ISTANBUL – Saudi Arabia's decision to acknowledge the death of Saudi journalist Jamal Khashoggi followed calls for justice from around the world. But no individual had put more pressure on the oil-rich monarchy than Turkish President Recep Tayyip Erdogan.
After Khashoggi disappeared at the Saudi Consulate in Istanbul, Erdogan and his aides did more than just quietly investigate: They narrated the crisis, focusing the world's attention on what they said was a brazen, state-sponsored assassination on its soil.
Grisly details of the alleged killing were released to the Turkish and international news media. Erdogan publicly upbraided Saudi Arabia's leaders, accusing them of obstructing the probe.
Turkey's revelations may have helped push the Saudi government to reverse its repeated denials of wrongdoing and announce early Saturday that it had arrested 18 people and fired several top officials in the case. Saudi officials said Khashoggi was killed in a fight inside the consulate.
In a final act of Turkish pressure, prosecutors said Friday that they were interviewing Turks who worked at the consulate – employees who might have insight into the movements and actions of Saudi officials around the time Khashoggi disappeared.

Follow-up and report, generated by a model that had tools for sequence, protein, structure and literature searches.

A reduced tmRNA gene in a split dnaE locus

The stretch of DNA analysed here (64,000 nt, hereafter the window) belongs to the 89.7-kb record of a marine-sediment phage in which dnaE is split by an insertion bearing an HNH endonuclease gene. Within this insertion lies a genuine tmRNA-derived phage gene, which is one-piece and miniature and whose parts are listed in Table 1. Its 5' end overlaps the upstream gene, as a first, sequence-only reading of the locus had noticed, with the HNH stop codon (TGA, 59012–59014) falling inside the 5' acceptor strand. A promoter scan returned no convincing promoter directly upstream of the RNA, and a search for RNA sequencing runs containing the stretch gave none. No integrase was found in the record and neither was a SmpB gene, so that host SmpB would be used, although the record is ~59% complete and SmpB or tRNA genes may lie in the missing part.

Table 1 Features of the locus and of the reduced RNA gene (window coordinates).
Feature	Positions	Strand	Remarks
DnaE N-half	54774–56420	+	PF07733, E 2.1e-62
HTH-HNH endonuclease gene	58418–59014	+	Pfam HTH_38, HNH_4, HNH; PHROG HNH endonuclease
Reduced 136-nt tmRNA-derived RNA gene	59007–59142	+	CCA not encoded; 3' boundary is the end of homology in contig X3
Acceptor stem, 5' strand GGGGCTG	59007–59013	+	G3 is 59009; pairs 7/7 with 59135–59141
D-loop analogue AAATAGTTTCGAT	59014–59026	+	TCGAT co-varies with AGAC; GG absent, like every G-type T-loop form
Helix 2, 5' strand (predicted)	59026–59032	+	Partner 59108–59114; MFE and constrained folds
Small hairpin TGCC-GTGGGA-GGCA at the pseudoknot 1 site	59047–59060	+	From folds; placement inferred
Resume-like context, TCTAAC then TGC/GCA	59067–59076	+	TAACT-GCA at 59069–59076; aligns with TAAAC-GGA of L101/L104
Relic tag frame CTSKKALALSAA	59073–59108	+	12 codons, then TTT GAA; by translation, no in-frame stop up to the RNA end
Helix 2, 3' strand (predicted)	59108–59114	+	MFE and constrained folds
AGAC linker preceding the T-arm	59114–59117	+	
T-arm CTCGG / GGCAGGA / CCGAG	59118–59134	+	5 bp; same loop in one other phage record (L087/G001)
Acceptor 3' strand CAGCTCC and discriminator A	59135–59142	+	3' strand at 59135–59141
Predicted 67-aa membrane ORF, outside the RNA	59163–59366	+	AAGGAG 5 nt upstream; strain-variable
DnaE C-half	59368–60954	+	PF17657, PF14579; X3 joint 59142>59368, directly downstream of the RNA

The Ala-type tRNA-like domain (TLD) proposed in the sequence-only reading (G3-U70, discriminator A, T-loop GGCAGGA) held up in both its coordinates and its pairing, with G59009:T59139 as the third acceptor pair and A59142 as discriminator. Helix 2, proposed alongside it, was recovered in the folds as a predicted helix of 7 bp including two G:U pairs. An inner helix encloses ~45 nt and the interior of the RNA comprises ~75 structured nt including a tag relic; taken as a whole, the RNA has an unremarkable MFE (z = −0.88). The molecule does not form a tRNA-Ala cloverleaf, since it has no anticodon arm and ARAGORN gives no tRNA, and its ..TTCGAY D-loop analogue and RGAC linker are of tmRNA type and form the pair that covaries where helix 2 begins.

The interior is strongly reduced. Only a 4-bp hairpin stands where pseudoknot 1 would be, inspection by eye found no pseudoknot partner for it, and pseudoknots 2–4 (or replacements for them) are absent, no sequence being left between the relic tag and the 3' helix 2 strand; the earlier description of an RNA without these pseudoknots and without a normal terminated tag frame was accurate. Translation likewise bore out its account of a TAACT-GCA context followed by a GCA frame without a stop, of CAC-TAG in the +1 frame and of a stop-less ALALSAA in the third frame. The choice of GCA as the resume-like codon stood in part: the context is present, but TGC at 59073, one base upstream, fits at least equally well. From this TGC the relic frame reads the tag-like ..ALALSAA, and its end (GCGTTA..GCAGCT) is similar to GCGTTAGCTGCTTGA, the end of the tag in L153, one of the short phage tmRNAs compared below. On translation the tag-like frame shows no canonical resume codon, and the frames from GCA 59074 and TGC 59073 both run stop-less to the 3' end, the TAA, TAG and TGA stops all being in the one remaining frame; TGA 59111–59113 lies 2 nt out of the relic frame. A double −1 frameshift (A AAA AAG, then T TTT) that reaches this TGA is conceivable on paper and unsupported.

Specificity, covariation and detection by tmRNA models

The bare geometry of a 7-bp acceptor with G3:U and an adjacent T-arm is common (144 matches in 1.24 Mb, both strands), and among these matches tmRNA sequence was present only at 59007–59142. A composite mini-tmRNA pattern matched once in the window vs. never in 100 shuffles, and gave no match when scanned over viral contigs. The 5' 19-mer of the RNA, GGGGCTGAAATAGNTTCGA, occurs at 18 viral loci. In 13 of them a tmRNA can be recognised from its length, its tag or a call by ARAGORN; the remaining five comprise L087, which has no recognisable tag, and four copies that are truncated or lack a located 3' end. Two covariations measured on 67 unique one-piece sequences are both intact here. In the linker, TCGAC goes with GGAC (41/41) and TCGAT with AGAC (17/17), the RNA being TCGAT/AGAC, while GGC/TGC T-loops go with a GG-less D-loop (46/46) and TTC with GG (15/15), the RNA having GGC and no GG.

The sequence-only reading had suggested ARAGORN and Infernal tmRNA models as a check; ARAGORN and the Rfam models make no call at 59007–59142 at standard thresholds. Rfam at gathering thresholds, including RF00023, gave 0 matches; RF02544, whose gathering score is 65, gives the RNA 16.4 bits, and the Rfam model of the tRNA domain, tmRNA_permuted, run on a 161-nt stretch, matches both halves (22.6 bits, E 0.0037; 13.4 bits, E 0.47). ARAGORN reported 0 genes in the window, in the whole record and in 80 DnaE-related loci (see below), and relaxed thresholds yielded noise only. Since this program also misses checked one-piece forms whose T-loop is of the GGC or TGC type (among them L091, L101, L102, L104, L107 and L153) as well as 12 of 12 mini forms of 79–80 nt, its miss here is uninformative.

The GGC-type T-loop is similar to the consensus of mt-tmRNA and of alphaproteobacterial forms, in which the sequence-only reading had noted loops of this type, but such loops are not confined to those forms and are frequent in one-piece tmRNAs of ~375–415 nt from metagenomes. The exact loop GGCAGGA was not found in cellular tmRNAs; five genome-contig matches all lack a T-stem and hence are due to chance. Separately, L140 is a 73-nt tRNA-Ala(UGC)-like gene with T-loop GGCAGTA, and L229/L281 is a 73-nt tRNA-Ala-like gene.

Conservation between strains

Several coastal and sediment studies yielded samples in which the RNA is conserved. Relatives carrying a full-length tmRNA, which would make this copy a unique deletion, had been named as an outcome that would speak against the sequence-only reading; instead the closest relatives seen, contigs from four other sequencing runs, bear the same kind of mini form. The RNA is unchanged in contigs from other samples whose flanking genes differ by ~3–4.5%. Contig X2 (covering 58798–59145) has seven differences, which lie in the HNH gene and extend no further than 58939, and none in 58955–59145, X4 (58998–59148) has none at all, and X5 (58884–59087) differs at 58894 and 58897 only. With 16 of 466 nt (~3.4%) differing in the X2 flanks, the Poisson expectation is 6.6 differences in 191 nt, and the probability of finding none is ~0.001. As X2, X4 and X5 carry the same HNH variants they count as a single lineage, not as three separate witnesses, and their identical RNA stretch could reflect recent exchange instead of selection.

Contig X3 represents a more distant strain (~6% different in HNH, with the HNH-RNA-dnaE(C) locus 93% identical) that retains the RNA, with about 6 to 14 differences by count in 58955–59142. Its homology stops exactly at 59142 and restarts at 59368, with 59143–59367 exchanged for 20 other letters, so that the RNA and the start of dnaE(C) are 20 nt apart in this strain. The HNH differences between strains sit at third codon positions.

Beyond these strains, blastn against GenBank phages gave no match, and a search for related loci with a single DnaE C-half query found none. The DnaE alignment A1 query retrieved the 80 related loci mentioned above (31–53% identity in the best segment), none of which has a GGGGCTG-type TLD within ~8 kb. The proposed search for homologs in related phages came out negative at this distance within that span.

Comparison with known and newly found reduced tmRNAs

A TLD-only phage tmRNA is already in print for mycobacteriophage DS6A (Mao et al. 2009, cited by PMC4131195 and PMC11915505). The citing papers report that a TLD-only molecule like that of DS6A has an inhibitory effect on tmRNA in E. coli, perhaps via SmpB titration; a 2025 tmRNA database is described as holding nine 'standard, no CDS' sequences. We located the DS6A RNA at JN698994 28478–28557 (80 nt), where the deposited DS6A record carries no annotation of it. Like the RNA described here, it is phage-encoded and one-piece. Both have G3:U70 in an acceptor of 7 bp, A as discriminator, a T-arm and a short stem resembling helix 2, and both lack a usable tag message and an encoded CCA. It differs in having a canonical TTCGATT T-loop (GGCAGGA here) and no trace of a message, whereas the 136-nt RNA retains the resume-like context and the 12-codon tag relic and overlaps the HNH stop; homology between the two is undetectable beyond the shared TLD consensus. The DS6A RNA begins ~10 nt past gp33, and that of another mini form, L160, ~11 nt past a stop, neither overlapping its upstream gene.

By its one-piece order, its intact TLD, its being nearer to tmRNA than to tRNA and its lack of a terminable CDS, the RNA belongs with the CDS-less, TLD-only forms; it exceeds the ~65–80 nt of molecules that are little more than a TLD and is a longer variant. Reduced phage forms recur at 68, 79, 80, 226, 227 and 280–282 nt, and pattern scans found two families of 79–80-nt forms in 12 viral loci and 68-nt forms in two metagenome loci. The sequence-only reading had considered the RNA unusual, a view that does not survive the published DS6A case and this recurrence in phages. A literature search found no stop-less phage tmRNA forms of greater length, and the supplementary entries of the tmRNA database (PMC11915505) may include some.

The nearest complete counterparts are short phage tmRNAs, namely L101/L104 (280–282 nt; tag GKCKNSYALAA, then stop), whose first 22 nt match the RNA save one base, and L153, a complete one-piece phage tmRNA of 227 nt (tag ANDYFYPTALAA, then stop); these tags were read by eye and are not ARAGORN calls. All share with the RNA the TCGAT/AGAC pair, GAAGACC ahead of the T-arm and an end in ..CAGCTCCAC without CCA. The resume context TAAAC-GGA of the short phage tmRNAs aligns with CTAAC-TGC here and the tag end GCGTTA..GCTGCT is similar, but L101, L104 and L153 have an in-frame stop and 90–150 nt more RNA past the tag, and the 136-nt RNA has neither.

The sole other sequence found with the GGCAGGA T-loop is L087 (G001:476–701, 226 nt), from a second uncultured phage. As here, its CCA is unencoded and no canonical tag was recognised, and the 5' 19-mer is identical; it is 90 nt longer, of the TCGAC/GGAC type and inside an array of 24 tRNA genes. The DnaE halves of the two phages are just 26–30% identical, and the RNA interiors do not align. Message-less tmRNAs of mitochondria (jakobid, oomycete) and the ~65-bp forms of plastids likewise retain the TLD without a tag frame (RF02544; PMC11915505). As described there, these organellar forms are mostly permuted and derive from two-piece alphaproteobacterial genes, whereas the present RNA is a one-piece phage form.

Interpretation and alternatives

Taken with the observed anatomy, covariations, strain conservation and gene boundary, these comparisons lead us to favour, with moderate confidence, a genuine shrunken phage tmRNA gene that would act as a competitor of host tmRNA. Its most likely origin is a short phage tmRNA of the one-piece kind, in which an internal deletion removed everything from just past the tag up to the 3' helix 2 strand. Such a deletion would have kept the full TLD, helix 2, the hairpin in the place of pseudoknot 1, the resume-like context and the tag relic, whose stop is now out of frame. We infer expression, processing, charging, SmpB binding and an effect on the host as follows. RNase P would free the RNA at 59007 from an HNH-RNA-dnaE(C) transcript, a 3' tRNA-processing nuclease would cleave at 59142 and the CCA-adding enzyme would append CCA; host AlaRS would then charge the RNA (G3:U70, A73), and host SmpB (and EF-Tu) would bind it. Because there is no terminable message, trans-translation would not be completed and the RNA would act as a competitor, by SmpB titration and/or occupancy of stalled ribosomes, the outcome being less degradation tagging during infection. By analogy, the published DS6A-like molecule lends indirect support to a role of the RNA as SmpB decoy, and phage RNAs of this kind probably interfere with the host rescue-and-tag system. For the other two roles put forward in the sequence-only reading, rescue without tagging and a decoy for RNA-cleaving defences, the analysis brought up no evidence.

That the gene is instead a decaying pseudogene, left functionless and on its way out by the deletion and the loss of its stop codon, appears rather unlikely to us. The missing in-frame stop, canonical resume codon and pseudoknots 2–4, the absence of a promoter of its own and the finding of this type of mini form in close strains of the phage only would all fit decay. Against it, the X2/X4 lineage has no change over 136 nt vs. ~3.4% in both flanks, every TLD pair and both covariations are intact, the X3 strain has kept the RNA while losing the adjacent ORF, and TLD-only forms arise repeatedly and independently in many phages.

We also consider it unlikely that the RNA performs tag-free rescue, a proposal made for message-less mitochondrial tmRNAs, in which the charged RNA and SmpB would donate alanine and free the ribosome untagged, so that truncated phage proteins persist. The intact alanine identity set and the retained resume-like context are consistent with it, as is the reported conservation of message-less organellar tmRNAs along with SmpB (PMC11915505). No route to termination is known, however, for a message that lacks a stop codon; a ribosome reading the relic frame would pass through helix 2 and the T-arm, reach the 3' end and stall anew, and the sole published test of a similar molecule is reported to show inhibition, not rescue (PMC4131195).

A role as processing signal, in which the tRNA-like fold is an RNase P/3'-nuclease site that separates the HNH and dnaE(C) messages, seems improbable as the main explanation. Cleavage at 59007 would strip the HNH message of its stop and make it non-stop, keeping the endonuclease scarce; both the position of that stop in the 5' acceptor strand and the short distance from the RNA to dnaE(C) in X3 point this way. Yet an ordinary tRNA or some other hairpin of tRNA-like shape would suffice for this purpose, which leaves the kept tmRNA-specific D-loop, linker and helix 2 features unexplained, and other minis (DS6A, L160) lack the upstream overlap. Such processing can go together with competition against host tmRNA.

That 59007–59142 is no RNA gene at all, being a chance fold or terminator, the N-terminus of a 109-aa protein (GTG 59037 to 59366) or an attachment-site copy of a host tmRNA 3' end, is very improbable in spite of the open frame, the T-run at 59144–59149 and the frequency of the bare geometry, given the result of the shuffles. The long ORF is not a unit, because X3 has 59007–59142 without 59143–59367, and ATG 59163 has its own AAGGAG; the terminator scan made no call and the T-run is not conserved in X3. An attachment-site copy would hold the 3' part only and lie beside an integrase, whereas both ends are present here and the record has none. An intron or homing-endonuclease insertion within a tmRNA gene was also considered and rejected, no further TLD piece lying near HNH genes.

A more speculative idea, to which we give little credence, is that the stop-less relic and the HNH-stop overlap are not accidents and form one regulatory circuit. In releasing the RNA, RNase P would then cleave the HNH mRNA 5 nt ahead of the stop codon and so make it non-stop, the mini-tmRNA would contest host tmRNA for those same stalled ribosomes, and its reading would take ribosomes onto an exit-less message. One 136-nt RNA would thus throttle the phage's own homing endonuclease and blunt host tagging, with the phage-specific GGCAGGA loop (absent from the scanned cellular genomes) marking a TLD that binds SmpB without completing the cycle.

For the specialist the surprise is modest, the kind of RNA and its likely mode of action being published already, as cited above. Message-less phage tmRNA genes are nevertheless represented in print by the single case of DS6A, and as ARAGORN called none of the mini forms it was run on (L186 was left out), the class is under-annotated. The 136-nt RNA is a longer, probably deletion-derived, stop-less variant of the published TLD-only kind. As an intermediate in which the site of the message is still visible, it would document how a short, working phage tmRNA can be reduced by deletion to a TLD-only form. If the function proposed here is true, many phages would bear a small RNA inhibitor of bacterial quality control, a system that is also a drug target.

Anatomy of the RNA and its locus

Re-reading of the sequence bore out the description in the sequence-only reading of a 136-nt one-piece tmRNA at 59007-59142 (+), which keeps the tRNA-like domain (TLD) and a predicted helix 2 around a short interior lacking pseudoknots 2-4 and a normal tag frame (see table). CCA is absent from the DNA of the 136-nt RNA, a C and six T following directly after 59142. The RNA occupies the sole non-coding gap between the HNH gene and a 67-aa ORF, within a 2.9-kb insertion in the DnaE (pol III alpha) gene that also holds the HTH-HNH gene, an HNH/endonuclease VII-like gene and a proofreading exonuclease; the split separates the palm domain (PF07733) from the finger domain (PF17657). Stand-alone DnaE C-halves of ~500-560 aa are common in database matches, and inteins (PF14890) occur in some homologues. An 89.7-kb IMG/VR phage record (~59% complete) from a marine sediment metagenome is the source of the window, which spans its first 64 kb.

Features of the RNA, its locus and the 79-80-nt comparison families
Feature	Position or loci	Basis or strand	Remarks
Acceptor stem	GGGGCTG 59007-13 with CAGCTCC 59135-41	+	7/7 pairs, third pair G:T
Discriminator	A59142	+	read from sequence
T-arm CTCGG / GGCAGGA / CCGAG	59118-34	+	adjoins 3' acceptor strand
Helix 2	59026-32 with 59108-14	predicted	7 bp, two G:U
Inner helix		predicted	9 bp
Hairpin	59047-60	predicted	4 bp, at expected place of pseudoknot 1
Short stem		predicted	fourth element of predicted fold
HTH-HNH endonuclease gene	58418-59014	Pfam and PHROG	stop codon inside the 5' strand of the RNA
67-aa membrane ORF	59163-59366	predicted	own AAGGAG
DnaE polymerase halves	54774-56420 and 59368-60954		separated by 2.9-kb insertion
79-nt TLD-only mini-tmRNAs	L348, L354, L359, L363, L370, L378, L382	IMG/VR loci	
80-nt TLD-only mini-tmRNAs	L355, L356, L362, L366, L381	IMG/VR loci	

Turkey's foreign minister, Mevlut Cavusoglu, also warned that when Turkey completed its investigation, it would share the results "with the world."
For Erdogan, the benefits of turning up the heat on Saudi Arabia and its young crown prince, Mohammed bin Salman, were apparent, analysts said. The two countries have competed for influence in the Middle East and clashed over Turkey's support for Qatar in a feud that divided the region.
Erdogan has little personal affection for Mohammed, who referred to Turkey this year as part of a regional "triangle of evil," along with Iran and regional Islamist groups. The Khashoggi investigation, with its allegations of high-level collusion by Saudi officials, provided Turkey an opportunity to damage the crown prince's reputation, analysts said, and to drive a wedge between Saudi Arabia and the United States.
The Turkish president has also said he regarded Khashoggi as "a friend."
Erdogan may be seeking other leverage for Turkey as well, including preventing Saudi meddling in Syria along Turkey's border, and financial aid or relief from the United States or the Saudis, analysts said.
The crisis provided a measure of respite for Turkey, at a time when Erdogan was facing criticism at home for the ailing Turkish economy and criticism abroad for detaining foreign nationals and engaging in "hostage diplomacy."